VALUE ENGINEERING JOB PLAN
Value Analysis (VA) process is called VA job plan. â€˜Milesâ€™ Job Plan was a modified version of work study. Later, several approaches have emerged. Some typical steps of a job plan are:
2. Problem selection.
6. Selection and presentation and
7. Implementation and follow-up
â€˜Mudgeâ€™ proposes the job plan in the following seven steps:
1. General phase.
2. Information phase.
3. Function phase.
4. Creation phase.
5. Evaluation phase.
6. Investigation phase and
7. Recommendation phase
Each phase has a set of techniques, carried in the work sheets. VA is to be applied for those products where cost reduction is substantially high. It is the general phase which acts as a frame-work for other phases. The brief description of these phases follows.
The resistance is generally of the following types:
1. â€œWe tried this couple of years ago but it was not successful.â€? (Conditions change. Why not try again now?)
2. â€œIt canâ€™t be done.â€? (If it has not been tried how does one know?)
3. â€œThe customer is satisfied with the price as it is.â€? (If this is so, he will be more satisfied and so will many others if the price is reduced.)
4. â€œSampling is not as accurate as 100% inspection.â€? (This is not always true but in any case, does it need to be that accurate?)
5. This way processing would produce too â€œmany rejects to the specification.â€? (Then are the design limits too tight?)
6. There is no other technique (Have you looked for one?)People have a natural resistance to change which may be further conditioned by experience, but favorable experience will help to reduce the resistance.
While thinking of doing VA, we must exercise good business judgment by being resourceful, thinking and innovative. The general phase is the foundation. We then enter the next phase the information phase.
It is the most demanding phase of a VA Job Plan. It creates the right environment for successful VA. In this phase, emphasis is placed on human interaction to seek co-operation of the team to implement VA. Work is done on specifics, rather than on generalities. The resistance to change is to be overcome. Some typical beliefs, habits and attitudes are given below.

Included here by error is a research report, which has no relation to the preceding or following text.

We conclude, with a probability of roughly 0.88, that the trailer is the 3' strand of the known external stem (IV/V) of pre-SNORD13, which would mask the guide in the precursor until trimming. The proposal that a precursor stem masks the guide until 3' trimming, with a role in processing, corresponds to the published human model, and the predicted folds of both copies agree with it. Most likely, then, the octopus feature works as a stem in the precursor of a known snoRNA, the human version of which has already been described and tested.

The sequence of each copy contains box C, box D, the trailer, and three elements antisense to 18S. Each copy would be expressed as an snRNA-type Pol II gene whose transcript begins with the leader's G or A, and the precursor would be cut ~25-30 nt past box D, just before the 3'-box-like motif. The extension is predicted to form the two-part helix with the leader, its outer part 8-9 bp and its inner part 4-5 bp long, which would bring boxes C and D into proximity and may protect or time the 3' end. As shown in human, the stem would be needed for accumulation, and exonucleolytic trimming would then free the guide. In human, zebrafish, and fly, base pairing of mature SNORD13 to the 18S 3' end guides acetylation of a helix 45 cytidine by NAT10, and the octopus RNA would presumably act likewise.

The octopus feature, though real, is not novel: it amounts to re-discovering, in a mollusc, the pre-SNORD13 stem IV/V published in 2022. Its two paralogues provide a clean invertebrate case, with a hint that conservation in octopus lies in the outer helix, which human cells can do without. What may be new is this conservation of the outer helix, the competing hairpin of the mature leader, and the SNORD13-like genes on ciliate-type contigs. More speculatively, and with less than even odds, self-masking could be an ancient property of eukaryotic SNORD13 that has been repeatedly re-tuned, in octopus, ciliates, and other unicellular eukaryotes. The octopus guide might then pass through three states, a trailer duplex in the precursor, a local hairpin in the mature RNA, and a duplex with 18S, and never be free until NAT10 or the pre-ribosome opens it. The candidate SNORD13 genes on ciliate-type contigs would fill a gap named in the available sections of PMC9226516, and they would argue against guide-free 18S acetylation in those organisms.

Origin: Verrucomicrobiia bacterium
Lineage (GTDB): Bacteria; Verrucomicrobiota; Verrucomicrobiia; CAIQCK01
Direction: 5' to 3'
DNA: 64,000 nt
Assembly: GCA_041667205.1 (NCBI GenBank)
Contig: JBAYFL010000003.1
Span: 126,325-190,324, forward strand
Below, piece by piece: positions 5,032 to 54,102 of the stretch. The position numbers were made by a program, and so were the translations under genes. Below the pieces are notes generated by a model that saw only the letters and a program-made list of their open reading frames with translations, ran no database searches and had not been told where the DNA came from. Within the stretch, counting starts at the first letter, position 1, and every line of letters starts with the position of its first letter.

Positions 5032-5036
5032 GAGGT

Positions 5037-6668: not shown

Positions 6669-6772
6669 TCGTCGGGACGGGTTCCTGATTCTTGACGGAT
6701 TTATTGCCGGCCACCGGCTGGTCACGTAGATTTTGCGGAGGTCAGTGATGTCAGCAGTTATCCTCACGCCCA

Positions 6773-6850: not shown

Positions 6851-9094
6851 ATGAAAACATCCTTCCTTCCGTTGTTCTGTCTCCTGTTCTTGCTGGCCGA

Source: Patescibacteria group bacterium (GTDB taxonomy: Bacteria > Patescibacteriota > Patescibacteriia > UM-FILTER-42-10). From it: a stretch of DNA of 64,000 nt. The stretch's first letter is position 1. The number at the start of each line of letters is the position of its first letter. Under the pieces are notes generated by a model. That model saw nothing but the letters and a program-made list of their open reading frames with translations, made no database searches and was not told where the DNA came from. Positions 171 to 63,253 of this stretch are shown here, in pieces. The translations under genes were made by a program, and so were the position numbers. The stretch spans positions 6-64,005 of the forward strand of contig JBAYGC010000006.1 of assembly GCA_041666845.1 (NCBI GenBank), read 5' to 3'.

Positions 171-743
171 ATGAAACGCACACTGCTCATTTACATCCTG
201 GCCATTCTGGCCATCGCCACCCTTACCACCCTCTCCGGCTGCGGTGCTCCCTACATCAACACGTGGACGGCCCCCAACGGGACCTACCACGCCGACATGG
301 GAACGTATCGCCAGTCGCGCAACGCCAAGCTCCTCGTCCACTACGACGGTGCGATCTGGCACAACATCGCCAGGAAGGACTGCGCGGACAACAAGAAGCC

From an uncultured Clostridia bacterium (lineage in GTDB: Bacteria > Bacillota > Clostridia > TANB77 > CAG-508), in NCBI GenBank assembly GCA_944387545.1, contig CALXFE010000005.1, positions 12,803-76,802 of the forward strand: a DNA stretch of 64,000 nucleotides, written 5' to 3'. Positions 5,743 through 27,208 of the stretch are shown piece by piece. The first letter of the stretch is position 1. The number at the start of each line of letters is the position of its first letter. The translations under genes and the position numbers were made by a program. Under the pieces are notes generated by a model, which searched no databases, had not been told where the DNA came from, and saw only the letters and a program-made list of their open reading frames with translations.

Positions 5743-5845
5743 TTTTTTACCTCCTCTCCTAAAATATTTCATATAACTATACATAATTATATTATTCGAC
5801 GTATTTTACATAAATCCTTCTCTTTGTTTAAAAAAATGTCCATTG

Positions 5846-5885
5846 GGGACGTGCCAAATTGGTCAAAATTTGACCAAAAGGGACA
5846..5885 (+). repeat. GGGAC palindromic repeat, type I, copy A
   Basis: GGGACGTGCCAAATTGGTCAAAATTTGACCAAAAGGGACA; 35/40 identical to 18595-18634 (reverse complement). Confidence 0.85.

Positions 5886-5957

Ã˜ â€œIt will set a nasty precedentâ€?
Ã˜ â€œIt wonâ€™t work.â€?
Ã˜ â€œCost too much.â€?
Ã˜ â€œThe Public wonâ€™t touch itâ€?.
Ã˜ â€œIt is impracticable.â€?
Ã˜ â€œThe Production Dept. will have none of thisâ€?.
Ã˜ â€œWhy change it-it worksâ€?.
Ã˜ â€œThere is no other source of supply.â€?
Ã˜ â€œThat is not our responsibilityâ€?
Ã˜ â€œThe Management will not accept it.â€?
Ã˜ â€œItâ€™s company policy.â€?
Here an attempt is made to assess the potential of value improvement. Project is studied in detail and all important facts are gathered and considered. In this phase, facts which are in the form of technical specifications or environmental specifications are considered. Also the engineering drawings, production sample, production data are all kept in mind. The cost data and work specification are secured. Consumer preferences are jotted down. Development and testing are studied. Quantities and scrap are taken into account. A relationship is to be established between costs and specification or requirements. Next stage is the functions phase. You will appreciate that lack of information is overcome in this phase.
Lack of Information
Most people who design a product are quite often not too sure of the real needs of a user and usually over-design the product by providing it with features that the user just does not use.
One of the facts of the manager community is that they lack cost information. Most of them feel that they have a rough idea, but how rough is rough?
The world is advancing exceedingly fast and new technology, new products, new materials and new processes are coming up almost every day. They create obsolescence in respect of the old materials or processes. Costs which were considered satisfactory yesterday become unnecessary today. In face of competition the royal road to ruin is to adopt the methods of yesterday to the business of today.